Although this HP notebook is just a little over a year old I was surprised to find that; 1) the RealTek drivers for the installed card reader, which was initially the biggest issue, do not work with Windows 8. This would cause the upgrade to hang. This was followed closely behind by 2) the ATI Catalyst Control center. I had been warned by Windows Upgrade Assistant, don’t upgrade without running it first.

I did verify a BIOS upgrade and all other things recommended by HP and Microsoft. After that I upgraded asking it to only save files – no settings. I have to admit that it did so nicely. On the other hand this was the fourth try.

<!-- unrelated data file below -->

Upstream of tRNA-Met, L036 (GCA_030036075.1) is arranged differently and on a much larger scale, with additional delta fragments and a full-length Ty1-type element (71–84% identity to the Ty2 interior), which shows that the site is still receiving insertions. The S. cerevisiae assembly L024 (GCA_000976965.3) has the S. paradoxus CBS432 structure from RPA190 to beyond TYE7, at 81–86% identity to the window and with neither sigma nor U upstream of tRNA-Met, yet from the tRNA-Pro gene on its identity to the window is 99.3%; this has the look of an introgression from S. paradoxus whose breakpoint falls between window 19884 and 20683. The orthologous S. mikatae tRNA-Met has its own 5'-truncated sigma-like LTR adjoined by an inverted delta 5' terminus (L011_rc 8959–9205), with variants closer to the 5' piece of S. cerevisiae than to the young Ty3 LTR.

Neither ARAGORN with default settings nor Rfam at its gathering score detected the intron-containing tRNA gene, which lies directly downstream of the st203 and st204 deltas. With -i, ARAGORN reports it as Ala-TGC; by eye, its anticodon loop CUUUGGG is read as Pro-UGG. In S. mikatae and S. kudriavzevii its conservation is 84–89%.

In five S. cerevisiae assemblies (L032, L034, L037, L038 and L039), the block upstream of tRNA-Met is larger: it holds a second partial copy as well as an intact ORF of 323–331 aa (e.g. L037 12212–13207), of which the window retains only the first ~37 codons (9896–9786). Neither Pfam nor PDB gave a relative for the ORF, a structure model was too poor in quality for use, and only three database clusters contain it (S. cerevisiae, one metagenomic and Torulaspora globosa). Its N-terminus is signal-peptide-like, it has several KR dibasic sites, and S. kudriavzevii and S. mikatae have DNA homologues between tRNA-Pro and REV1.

I did install Windows 8 on my desktop first (also HP) and was quite pleased. It went through on the first try. Very clean. I was greatly surprised to find that Creative did not have drivers for a sound card (on the desktop) that worked beautifully with Windows 7. I had to buy a new sound card which I did but not from Creative (knowingly).

I really like the speed of Windows 8 both in turning it on and in closing it down. I also appear to be getting better battery life on my notebook although that may not be related.

I have learned to work with and adjust the Tiles on the Start screen and actually find it better than the old Start button. There are so many advantages that I think I should have purchased a few extra copies of Windows 8 Pro while it was on sale for $39.